This section is already implemented for new user when the account was setup

Protecting SSH Keys (or X509 Certificates) on AFS

This section applies to user's with home area in AFS In general, it applies to users at U-M, but not at MSU.

If you have private information stored in AFS areas you have to be very careful. Your local system will respect the file protections you set (via chmod) but other systems very well may not! AFS has its own methodology of protection information stored in AFS. Unfortunately AFS doesn't set protections (ACLs) on individual files but rather on directories. ACL stands for Access Control List.

To secure private keys (or X509 keys) in AFS you need to do some work. I recommend creating a new subdirectory in your home area (in AFS). Make sure you have tokens as your AFS user and create a new directory:

  • mkdir ~/.private
  • chmod -R 744 ~/.private
This will setup a "private" directory tree in your AFS home area. Now we need to protect it via AFS ACLs. You can use the fs listacl command to see the current protection:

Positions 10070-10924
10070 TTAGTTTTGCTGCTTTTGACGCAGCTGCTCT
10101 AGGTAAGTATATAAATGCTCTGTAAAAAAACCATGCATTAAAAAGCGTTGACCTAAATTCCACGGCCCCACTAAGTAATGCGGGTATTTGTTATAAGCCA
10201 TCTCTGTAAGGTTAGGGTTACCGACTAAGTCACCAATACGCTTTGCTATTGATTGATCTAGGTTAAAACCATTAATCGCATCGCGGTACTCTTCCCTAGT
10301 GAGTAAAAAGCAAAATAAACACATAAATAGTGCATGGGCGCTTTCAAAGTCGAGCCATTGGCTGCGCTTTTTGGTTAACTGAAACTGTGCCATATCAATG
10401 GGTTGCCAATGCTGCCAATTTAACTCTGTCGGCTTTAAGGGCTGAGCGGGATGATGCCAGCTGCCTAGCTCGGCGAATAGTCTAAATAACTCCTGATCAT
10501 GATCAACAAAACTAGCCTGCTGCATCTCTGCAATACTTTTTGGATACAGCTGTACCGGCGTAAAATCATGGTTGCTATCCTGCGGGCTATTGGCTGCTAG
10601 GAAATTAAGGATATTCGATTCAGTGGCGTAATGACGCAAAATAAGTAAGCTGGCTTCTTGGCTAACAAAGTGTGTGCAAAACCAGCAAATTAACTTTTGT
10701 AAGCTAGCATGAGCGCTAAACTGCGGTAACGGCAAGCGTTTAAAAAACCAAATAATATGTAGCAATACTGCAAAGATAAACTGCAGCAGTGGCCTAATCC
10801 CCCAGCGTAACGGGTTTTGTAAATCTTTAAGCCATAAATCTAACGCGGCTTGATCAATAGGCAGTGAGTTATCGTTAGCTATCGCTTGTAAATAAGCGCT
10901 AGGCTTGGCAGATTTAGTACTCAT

[smckee@umopt1 ~]$ fs listacl .private
Access list for .private is
Normal rights:
  usatlas:umtestbed rlidwka
  system:administrators rlidwka
  system:anyuser rl
  smckee rlidwka

This is not what we want at all. We need to remove ALL other AFS user access except our own. To do this we specify our own desired ACL followed by the -clear option:

  • fs setacl .private smckee rlidwka -clear
This gives us:

[smckee@umopt1 ~]$ fs setacl .private smckee rlidwka -clear
[smckee@umopt1 ~]$ fs listacl .private
Access list for .private is
Normal rights:
  smckee rlidwka

Good! Now only we can see this directory. Also if we create any new subdirectories they will inherit the same AFS ACL (which is what we want). Lets make one to hold our private SSH key and move it there:

  • mkdir .private/.ssh
  • mv .ssh/id_rsa .private/.ssh/id_rsa
Last step is to link to this new location from the old one:

  • ln -s .private/.ssh/id_rsa .ssh/id_rsa
Make sure the unix file system protection is still 400:

  • chmod 400 .private/.ssh/id_rsa
That's it. Your key should be secured now and only useable by you. By the way, this also works well for X509 certs (just treat your .globus/userkey.pem as you did the id_rsa file)

-- WenjingWu - 06 May 2019
Topic revision: r1 - 06 May 2019, WenjingWu
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